Young, Gifted, and Black or Nah?
I was scrolling through my twitter feed when I saw an article that a friend retweeted claiming that a black student's chances of being labeled "gifted" increase when the teacher is also black. Those words triggered a memory from elementary school that I believe impacted my academic development, and consequently in my life, going forward. Allow me preface this post by saying that I don't share this story as a complaint by any means. Rather I mean to share the memory of a personal experience in hopes that it raises awareness and provokes thoughtful discussion. It was 1972 in the small West Virginia town that I still call "home." I started first grade excited for the year ahead. A rule follower by nature, I did everything in my power to be a good student, so naturally I was surprised when my teacher gave me a note to take home to my parents within the first few weeks of school. I knew I talked a lot more than Miss M liked, but other than that I couldn't think of anything I had done wrong, so I wasn't worried. I went home, gave the note to my mom and skipped off to play until it was time for dinner. A little later mom came into the room I shared with my younger sister and informed me that I was to wait for her to pick me up after school the next day because she was going to meet with my teacher. I started to get a little nervous then, but there was nothing I could do about it so I would just have to wait.
Mom showed up at the end of the next day to meet with Miss M while I waited in the hallway. When she came out she was visibly angry. She hardly said two words during the walk home. I started to get that, "oh boy I'm in big trouble" knot in the pit of my stomach. We walked in the house and nothing... No yelling, no spanking, nothing. Her anger wasn't directed at me. I gave her some time and then I asked her what happened. I don't remember getting an actual answer, but she made it abundantly clear that I was to be sure to finish all the work I was given from then on. I agreed and decided it was best to leave well enough alone.
Fast forward to 1982 to the affluent Maryland county we lived in at the time, and my mother is called to meet with my little brother's teacher. Again, she came home furious with my brother in tow. Again, I gave her a minute and then asked what happened. When I approached her she was in tears. This was the day I finally found out what happened in that meeting with Miss M. Apparently my teacher was concerned that I wasn't finishing my work. This led her to conclude (and tell my mother) that maybe I should be moved to special education because obviously I wasn't capable of comprehending the work. She went so far as to question whether I was even capable of learning! (Why oh why did she say that?) Mom proceeded to 'explain' a few things to her... Like the fact that she worked with me at home the previous year so that by the time I started first grade I knew how to write my name, my letters, and my numbers. So yes, I didn't finish her assignment to write a page full of capital letter Ds because, not because I didn't understand it or wasn't capable, but because I wasn't being stimulated or challenged. Mom was upset that the teachers first assumption was that I belonged in special ed as opposed to the possibility that I was gifted and needed a challenge. Now 10 years later she had basically the exact same meeting with my brother's teacher! This time, however, instead of special ed, they wanted to label him ADHD and prescribe drugs. Something tells mom 'explained' some things to his teacher as well. In both cases the teachers were white.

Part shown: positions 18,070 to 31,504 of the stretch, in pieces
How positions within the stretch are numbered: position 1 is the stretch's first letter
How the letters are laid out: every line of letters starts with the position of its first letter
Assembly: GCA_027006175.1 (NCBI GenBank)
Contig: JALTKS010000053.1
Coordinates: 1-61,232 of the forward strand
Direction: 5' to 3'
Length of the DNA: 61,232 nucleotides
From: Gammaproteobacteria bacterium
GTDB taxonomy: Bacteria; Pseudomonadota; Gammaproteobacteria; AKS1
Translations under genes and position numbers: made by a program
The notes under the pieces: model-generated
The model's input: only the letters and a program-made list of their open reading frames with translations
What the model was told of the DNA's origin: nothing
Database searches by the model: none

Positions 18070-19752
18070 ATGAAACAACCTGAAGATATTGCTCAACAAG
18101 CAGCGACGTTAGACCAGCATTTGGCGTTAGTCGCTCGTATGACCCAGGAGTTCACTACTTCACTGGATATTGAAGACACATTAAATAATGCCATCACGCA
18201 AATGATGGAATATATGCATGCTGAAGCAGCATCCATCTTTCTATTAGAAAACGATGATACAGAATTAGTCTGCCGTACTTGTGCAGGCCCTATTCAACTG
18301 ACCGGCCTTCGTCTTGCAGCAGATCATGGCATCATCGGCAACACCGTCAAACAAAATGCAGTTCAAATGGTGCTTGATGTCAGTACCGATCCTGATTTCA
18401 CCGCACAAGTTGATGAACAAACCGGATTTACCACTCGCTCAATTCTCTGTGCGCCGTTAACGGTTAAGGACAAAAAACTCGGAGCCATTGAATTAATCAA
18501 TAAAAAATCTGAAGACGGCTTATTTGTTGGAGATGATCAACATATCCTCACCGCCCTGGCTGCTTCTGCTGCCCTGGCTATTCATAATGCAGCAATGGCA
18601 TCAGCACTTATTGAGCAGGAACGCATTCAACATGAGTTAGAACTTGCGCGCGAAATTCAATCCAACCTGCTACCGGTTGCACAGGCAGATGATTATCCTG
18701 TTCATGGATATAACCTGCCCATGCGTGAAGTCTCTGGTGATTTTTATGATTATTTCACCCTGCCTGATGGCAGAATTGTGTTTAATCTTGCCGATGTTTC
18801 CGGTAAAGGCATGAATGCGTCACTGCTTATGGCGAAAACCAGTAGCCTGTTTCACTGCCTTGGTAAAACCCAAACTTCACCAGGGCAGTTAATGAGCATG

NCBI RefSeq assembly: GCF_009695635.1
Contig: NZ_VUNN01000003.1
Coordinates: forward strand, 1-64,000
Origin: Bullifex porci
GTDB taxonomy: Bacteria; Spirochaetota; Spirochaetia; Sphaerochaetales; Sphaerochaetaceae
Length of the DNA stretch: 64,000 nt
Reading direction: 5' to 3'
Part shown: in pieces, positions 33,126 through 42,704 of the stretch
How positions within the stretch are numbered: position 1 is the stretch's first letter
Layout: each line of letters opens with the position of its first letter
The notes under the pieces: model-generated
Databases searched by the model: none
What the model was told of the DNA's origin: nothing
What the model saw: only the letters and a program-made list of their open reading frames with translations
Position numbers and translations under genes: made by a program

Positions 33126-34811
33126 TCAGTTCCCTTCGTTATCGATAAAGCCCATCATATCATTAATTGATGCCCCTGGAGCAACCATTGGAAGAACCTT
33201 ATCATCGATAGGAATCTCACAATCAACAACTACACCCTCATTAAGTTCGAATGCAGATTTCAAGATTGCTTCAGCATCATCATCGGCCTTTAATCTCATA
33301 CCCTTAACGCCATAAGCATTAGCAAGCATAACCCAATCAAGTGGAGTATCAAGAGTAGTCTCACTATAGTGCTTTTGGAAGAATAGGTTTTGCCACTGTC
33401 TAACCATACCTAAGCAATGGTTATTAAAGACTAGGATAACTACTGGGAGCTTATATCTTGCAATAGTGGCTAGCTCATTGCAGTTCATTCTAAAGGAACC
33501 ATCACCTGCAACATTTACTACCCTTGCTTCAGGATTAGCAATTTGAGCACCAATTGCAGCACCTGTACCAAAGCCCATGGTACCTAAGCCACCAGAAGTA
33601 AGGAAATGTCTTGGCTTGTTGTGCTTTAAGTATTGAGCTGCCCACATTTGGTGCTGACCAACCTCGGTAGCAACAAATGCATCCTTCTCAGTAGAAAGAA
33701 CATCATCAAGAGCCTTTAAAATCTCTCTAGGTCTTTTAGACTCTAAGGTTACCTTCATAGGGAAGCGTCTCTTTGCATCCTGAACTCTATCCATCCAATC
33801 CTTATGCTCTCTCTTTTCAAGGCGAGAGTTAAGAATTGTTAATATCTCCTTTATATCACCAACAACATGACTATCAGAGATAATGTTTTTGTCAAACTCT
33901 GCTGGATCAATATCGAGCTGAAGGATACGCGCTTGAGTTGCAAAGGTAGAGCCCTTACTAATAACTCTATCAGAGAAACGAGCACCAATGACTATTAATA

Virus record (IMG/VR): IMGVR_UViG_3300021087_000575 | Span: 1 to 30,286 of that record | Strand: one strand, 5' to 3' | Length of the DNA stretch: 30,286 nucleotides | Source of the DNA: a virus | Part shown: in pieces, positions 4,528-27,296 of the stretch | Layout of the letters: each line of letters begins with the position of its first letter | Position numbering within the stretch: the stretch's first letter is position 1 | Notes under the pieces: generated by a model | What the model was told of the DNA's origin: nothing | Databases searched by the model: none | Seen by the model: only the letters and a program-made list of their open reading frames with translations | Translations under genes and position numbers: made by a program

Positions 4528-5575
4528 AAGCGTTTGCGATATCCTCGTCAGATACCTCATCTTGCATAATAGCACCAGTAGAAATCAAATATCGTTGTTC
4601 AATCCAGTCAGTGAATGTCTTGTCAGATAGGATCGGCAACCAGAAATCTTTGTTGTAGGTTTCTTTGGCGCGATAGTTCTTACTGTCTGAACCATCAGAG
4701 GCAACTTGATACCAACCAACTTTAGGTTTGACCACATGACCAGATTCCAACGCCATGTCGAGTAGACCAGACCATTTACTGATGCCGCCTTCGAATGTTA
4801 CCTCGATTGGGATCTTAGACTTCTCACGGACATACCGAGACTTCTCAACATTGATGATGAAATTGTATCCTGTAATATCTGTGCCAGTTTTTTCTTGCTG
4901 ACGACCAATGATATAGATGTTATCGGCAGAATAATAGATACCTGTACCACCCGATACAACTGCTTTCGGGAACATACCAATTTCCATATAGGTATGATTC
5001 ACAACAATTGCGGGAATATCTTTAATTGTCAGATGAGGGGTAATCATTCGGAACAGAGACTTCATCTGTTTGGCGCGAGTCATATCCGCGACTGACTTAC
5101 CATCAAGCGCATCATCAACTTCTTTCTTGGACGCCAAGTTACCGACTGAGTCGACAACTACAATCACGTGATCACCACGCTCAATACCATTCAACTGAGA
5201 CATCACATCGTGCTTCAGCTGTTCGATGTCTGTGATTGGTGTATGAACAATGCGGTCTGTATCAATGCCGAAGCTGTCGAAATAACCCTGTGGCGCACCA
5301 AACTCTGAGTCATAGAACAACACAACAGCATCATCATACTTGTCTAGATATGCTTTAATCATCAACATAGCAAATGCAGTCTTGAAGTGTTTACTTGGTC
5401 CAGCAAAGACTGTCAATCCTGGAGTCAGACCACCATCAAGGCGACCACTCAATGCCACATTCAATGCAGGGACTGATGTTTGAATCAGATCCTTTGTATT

Now, I don't know if the fault lies in the training/education that the teachers received, in their own personal biases, or in the areas where we lived . I do know that my sister, the middle child, was in the gifted and talented program all throughout her elementary school years. No teacher's meetings for her, and all her letters to our parents were to praise her achievements. At this time we were living in Baltimore City and many of the teachers at the school were black. She was challenged and encouraged and she thrived.
I think my bother would agree, but I'll just speak for myself. I struggled with school. I did the minimum to get by and rarely, if ever, looked to teachers/professors for support or encouragement. Looking back I wonder if things would have been different for my brother and I if we had attended the school in Baltimore.
I have since broken out of that pattern of mediocrity. I'm a firm believer that everything happens for a reason and it's all a necessary part of our journey. Even so, I can't help but wonder how things might have been if circumstances were different.
What do you think?
Check out the article here